And the struggle with mental health goes deeper than me. I lost all of my close, emotional support because of my mental illness. My wife left me, being completely unable to understand or cope with my mental illness. I don’t blame her, usually because, like with most things, often I don’t have the ability to be mad or sad about losing my wife. In my few moments of clarity, I acknowledge that living with someone who is completely debilitated by something entirely in their head is not easy at all. It takes a supreme amount of patience, love, and self-strength. I should know, most of the time I hate being me. I wish I could get away from me. But I can’t. I never will. And nothing I do can change that. She could leave, and the truth is: I envy that she could.

So I do my thing. I struggle to get out of bed, to do something on any given day. My dishes go unwashed, my house goes uncleaned, my hair goes uncombed. Then, every so often, I get a breakthrough, a surge of energy and of feeling and I can do some or all of those things. Right now I struggle to pay bills and afford what I need because I have no job and employers aren’t eager to hire people with mental problems, even if I could find a job I could con myself into applying for. Life is tough and you would never know it because I seem so normal, I can write well, when you ever see me I am putting on a terrific acting performance to hide from you what I really am. I smile, I converse, I do things, I seem completely normal. It is entirely an act. I rarely feel anything I emote. And the act so completely exhausts me that I spend the next few days in a fog.

I am strong, I am resilient, which is why I am still here, but being that takes everything I have on any given day. And that is why I am a twenty-six year old man living with a dog in an apartment that I rarely leave and struggle enjoying the best sport in the world at the best time of the year: I have a mental illness, and it is crippling.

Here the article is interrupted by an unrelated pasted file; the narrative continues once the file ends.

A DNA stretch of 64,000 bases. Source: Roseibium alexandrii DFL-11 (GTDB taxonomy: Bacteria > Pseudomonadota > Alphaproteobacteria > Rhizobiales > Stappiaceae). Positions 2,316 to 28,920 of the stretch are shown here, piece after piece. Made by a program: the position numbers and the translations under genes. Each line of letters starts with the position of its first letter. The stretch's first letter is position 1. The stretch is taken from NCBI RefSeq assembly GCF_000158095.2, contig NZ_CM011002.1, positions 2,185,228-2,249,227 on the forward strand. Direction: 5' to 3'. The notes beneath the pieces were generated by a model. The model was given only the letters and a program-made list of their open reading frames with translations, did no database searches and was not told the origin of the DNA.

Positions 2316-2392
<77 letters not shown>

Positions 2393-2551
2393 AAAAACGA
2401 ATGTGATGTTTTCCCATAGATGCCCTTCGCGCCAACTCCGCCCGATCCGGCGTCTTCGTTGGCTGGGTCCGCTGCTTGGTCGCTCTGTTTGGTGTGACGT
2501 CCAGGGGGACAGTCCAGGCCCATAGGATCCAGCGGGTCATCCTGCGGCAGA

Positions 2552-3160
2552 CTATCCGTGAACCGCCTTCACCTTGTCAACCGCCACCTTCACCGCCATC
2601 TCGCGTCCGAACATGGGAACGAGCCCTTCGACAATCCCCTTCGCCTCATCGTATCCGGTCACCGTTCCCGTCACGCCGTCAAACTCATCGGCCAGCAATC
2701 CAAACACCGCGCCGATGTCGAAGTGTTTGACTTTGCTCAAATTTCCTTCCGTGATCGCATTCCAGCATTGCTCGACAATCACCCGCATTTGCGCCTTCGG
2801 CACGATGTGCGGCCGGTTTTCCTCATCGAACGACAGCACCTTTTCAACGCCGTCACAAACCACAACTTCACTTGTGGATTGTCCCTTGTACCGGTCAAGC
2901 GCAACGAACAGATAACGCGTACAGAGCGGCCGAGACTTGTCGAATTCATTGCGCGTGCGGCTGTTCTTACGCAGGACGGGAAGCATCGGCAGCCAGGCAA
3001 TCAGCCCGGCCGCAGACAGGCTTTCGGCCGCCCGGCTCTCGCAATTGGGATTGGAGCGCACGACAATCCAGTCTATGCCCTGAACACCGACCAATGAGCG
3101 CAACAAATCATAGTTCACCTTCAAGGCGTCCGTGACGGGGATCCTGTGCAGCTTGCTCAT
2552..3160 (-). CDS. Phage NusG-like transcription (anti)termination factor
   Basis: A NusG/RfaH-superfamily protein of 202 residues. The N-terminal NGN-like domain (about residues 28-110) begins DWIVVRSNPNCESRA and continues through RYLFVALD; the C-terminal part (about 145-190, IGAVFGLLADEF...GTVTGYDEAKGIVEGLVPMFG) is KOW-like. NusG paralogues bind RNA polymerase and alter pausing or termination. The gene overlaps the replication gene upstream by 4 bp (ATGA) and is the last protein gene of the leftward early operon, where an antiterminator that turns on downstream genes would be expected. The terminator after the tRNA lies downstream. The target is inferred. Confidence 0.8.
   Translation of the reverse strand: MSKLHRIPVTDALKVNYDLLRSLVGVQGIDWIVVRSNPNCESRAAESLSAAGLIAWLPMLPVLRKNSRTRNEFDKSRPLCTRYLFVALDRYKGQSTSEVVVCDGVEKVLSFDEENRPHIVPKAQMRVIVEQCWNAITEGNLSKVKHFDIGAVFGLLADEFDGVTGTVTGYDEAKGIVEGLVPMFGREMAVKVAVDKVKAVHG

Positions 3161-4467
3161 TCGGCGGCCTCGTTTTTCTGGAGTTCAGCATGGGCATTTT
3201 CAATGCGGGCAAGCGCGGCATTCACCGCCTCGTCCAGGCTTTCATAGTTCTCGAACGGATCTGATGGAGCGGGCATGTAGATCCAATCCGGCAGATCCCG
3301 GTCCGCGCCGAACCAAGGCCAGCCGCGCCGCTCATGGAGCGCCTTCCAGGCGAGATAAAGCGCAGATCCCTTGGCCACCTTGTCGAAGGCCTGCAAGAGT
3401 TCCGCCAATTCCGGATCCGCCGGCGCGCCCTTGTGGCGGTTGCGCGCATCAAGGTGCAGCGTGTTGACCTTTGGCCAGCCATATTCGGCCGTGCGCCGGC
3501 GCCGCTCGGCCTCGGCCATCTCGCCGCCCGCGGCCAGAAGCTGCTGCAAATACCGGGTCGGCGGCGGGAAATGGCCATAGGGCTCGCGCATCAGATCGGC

Today is World Mental Health Day. Remember that not everyone is obviously ill, but many are suffering in ways you cannot imagine because you are normal. Be the best friend you can to everyone you know, because you might not always know who needs that the most. Don’t try to fix a mentally ill person. You can’t do it. Just be their friend and never stop, no matter how hard that seems. That is the only thing that works. Spread love as far as you can. Some of us need it more than you could possibly imagine. Above all, know this: mental illness is real, and it is just as damaging as cancer or any other human condition.

Search my blog for “depression” to find other posts about my struggles.

A Thousand Cuts

My name is Phil, and I have clinical depression.

Last night I tweeted this:

“Life is a death of a thousand cuts. The question is: can you find meaning before you bleed to death all over the carpet? Me, I don’t know.”

A twitter friend, a fellow nerd and author, asked his followers to tweet to a woman who truly believed she was ugly and to tell her the truth. I perused this woman’s feed, and was deeply saddened to see that her voice was almost gone. Most of her recent posts were retweets from suicidal accounts. [Author’s note: A suicidal account is an account on social media that is almost entirely thoughts, pictures, and poetry about suicide. They are everywhere on Instagram, Twitter, and Facebook. Most are run by truly desperate people. Take a break from kittens sometime and read the pain that no one sees. It will sober you up in a hurry.] I felt so lost and so small. I had nothing to say to this woman that would ease her pain in the least. But I couldn’t back away, I couldn’t just be silent. So I said this: